ChildLine’s latest report, Under Pressure, outlines the challenges and pressures young people are facing online.
In 2013/14 ChildLine counselled almost 300,000 children and young people who were worried and upset about a range of different issues. Out of these, 11,095 of the counselling sessions were about online abuse and safety. Whilst the majority of the contacts were about online bullying or social media there was a 168 per cent increase in contacts about online sexual abuse. Over half of counselling was with girls and three quarters of counselling was with 12-15 year-olds.
Their latest review, Under Pressure, outlines some of the key findings from these sessions:
- Pressures to send sexual messages or images. In October 2013 a ChildLine survey of 13-18 year olds revealed that 60 per cent of young people had been asked for a sexual image or video of themselves, 40 per cent had created an image or video of themselves, and a quarter had sent this to someone else. Many young people spoke about how they had been asked by someone they trusted, often a boyfriend, to send a sexual photo of themselves, and how they felt under pressure to comply, or didn’t know how to say no.
- Dangerous online relationships. These relationships were predominantly started on social networking and dating sites. Young people described how the person online made them feel wanted and special. This often led to young people being asked and pressured into sending explicit images and later finding it difficult to report or tell someone.
- Worries about what they are viewing online. ChildLine saw a 145 per cent increase in young people talking about exposure to online pornogrpahy, websites with harmful content or child abuse images. Their main concerns about viewing this content were: how their parents would react if they found out; thinking they were abnormal; the impact viewing pornography was having on intimate relationships; and whether they could be arrested for viewing pornography.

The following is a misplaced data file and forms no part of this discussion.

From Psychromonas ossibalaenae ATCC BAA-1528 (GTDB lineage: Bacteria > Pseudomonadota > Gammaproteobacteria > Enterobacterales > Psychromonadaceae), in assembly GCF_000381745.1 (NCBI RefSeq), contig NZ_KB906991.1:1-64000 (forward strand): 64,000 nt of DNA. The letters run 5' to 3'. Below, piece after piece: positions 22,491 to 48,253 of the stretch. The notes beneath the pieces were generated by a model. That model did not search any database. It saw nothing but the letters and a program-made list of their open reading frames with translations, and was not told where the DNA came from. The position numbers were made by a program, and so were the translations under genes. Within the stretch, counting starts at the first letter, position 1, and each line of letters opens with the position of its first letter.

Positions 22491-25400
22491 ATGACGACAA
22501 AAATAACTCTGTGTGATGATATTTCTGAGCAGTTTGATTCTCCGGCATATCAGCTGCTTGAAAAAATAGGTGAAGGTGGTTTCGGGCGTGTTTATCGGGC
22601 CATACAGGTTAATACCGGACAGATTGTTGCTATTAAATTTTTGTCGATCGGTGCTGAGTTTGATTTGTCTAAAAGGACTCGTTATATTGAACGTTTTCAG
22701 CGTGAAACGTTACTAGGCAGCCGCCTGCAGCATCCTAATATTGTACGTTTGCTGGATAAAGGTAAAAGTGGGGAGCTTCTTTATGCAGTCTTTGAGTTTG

The report concludes by saying that many young people believed something like this wouldn’t happen to them as they felt they could stay in control of the situation and knew how to keep themselves safe online. As a result many resisted getting help as they felt embarrassed or blamed themselves.
“I met a guy on a dating site who I really got on with. We’d been talking for a while before he asked me to send him a picture. I agreed even though I knew the risks because I was stupid enough to trust him. It was such a mistake because he instantly changed towards me and I’ve felt really stressed that the photo might resurface since. I’ve not spoken to anyone about how down the situation’s getting me because I feel like I’ve only got myself to blame.” (Girl, Age Unknown)
To read the full review visit: http://www.nspcc.org.uk/globalassets/documents/annual-reports/childline-review-under-pressure.pdf